How to Breed Teacup Pigs


Teacup pigs are growing in popularity as household pets and as they begin to increase in popularity more people are beginning to breed them at home. Teacup pigs are said to be smaller than pot bellied pigs and breeders say that they make good pets. While they are very similar to breed to dogs, there is a slight learning curve. With a little bit of practice teacup pigs can be successfully bred in less than a year.

Things You'll Need

  • Gilt (unbred) female pig
  • Boar (if not using artificial insemination)
  • Semen and insemination supplies if needed
  • Gestation/farrowing pens
  • Straw or other bedding
  • Heat lamps
  • Calendar to track heat/breeding cycles

Make sure you are allowed to own pigs in your area. Many municipalities will not allow livestock.

Find a reputable, registered breeder in your area. Search by state or city. You may have to order out of state to get some of the best bloodlines.

Visit the breeding facility if possible. Choose a gilt that is registered and in good health. This means well-muscled, a long neck, and good body lines. Ask to see the paperwork regarding its breeding history. Do not buy unregistered stock.

Use the same process in choosing a sire. If this is your first time breeding, it is easier to buy a female that is already pregnant, or ask the breeder to breed it for you before you take it home.

Have a gestation and farrowing area ready, made of sturdy materials, long and narrow and large enough to accommodate the sow and her upcoming litter. Adult teacup pigs are said to weigh between 35-60 pounds -- but they may grow as large as 120 pounds. They should have enough room to lie down and stretch out to sleep.

If you decide to get a boar and gilt, the female may be bred at six to eight months of age. Breed on the second or third heat, on the first day heat is observed. Breed again 12 to 24 hours later, if possible. Mark the day of the first breeding on your calendar.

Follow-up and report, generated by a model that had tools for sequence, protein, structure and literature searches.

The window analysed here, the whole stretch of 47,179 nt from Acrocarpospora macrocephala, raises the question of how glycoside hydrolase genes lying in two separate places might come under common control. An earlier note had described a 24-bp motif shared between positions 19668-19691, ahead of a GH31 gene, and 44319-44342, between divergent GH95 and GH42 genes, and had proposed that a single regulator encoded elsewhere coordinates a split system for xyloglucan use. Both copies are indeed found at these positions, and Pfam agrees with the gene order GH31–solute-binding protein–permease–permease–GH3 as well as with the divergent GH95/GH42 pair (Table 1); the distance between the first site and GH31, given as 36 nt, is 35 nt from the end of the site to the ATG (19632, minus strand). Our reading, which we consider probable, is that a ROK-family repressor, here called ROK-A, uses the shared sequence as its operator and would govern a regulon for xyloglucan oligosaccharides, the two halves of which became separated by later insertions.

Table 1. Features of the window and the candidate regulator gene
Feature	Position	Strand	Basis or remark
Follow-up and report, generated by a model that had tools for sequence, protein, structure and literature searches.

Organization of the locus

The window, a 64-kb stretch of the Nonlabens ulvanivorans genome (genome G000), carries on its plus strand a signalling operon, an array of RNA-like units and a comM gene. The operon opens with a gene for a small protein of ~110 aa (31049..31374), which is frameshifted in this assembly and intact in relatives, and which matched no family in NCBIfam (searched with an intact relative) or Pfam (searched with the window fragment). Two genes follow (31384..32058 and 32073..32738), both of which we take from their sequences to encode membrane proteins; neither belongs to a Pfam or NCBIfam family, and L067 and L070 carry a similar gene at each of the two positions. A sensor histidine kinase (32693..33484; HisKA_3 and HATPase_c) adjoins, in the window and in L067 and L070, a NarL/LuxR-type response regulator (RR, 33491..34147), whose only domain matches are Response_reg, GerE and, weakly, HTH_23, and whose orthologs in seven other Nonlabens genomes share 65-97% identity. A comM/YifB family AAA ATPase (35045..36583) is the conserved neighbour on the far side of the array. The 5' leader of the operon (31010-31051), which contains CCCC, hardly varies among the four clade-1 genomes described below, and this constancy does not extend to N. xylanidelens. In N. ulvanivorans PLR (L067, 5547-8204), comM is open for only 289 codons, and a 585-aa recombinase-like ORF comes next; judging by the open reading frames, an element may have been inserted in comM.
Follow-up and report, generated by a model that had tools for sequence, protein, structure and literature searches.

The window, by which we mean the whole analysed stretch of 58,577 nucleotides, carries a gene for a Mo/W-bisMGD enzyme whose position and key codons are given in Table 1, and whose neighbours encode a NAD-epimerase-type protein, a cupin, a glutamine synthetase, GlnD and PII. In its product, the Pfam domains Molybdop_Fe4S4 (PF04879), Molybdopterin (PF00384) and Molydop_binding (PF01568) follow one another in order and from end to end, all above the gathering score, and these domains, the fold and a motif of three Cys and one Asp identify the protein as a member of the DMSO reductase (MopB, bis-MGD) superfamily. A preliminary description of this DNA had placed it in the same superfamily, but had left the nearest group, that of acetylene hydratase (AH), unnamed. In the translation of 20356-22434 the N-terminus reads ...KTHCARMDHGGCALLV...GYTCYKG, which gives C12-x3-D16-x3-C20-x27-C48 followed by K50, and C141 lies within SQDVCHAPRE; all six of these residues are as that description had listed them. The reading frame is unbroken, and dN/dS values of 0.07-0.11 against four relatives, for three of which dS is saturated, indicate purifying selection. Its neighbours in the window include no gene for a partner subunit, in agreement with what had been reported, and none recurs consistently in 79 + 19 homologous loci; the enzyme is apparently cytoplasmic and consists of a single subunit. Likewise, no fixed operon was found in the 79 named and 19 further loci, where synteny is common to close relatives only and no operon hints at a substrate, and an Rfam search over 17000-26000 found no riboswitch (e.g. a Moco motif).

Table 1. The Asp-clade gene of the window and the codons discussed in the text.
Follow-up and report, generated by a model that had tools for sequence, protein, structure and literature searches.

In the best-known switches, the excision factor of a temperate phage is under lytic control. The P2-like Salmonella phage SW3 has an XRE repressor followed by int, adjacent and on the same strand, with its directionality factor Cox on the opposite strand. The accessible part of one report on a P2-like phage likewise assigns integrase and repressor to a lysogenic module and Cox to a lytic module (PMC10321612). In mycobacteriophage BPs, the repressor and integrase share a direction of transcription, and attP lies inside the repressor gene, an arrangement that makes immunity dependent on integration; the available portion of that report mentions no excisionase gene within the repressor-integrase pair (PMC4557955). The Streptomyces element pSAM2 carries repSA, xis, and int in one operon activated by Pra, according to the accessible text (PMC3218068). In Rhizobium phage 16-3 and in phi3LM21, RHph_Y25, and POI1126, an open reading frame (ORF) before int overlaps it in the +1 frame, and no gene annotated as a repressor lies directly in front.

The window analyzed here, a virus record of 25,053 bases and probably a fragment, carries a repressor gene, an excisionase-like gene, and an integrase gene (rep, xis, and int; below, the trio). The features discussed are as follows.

Allow the boar in with the female once or twice a day. Mating takes about five to 10 minutes. If the female does not go into heat again in 21 days, she is most likely pregnant. If you choose artificial insemination, order catalogs from semen suppliers before you purchase your female and bring her home. Look under show pigs to find the best bloodlines.

Once the sow gives birth, regulate the temperature in the farrowing pen by using either fans or heat lamps, depending on the weather. Piglets are most comfortable at 85-90 degrees. At six to seven weeks old, the temperature can be brought down to 70 degrees. Provide fresh straw or other bedding material and remove manure regularly.

Limit contact between the piglets and people, and do not let them come in contact with other animals to prevent the spread of disease.

Notify a teacup pig registrar within 40 days of the birth. A registration form and fee is required for each piglet. All pigs placed in the breeding register will receive ear tags that link to their pedigrees. Boars sold as pets should be castrated by the breeder before sale. Wean piglets at four weeks of age. Give them a balanced pig feed, fresh fruits and vegetables.

Tips & Warnings

  • Many owners of "teacup pigs" have been claiming that they grow far larger than the 60 pounds that the breeders tell them they will be. Many of the pigs reach over 150 pounds.

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